Specialized telomeric proteins have an essential role in maintaining genome stability through chromosome end protection and telomere length regulation. In the yeast Saccharomyces cerevisiae, the evolutionary conserved CST complex, composed of the Cdc13, Stn1 and Ten1 proteins, largely contributes to these functions. The team “Recombination and maintenance of genome integrity” has shown, in collaboration with two spanish laboratories (Olga Calvo’s, Salamanca and José Enrique Pérez-Ortín’s, València), that TEN1 exhibited specific genetic interactions with several genes coding for transcription regulators, which was confirmed by molecular assays. Based on data obtained by RNA-seq, ChIP-seq and mass spectrometry, the authors propose that this novel function of CST might serve to stimulate transcription following head-on collisions with an in-coming replication fork.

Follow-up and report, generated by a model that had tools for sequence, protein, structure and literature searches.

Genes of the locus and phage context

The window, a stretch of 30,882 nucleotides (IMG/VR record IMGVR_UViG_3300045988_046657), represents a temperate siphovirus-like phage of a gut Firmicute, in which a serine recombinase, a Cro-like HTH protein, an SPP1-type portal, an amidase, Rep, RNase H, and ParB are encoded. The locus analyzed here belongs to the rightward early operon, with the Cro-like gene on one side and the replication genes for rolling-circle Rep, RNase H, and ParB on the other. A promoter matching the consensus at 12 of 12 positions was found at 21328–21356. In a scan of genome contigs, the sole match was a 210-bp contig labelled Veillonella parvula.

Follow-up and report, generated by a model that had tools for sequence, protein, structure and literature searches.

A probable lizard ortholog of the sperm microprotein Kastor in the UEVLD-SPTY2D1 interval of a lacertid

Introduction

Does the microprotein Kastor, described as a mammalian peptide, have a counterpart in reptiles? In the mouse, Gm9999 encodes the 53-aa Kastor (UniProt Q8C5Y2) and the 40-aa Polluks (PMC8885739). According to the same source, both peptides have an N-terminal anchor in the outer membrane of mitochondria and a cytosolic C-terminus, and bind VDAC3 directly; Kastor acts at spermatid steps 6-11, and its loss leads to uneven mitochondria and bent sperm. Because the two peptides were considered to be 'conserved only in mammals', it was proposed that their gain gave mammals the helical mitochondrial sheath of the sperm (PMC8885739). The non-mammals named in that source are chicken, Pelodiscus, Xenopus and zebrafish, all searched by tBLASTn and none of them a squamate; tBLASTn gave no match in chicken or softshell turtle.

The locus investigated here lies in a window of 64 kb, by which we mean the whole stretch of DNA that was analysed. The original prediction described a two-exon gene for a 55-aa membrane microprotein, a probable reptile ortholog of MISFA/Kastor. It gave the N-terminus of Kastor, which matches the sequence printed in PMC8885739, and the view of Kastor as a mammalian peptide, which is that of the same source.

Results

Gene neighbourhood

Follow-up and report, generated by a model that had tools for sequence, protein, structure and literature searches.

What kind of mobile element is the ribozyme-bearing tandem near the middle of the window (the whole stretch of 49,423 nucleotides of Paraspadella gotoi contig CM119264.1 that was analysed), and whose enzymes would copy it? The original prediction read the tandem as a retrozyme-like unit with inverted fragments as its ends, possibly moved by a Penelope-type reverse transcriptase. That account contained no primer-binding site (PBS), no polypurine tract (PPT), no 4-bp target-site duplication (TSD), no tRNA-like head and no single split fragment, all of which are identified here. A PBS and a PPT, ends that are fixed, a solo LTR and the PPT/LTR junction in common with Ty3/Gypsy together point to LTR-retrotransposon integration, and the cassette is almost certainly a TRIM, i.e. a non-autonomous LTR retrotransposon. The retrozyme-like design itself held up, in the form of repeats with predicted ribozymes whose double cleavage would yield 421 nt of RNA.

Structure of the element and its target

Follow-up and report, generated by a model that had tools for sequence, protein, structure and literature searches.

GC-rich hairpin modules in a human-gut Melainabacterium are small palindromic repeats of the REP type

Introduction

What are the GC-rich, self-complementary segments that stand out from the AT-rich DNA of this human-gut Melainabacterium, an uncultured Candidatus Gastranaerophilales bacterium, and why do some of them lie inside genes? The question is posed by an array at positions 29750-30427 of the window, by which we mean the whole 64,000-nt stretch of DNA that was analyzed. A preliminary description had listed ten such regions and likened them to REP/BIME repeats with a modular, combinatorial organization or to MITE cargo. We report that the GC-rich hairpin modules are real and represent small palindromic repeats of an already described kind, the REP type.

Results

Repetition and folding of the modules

They speculate that, at the replication fork, Cdc13 and Stn1, which physically associate with Pol1 and Pol12 (Pol a), respectively, perceive a signal emitted by the Mec1, Rad53, Ctf18 and Mrc1 DNA replication checkpoints, which themselves have sensed mechanical vibrations resulting from the clash between the replication fork and the transcription machinery moving in opposite directions. This signal provokes the dissociation between CST and Pol a, allowing the CST complex to attach the promoter of the transcribing gene, via Hmo1, before activating the RNA Pol II machinery, via Spt5.
This study has been published in Nucleic Acids Research (Calvo, Grandin et al. 2019 ).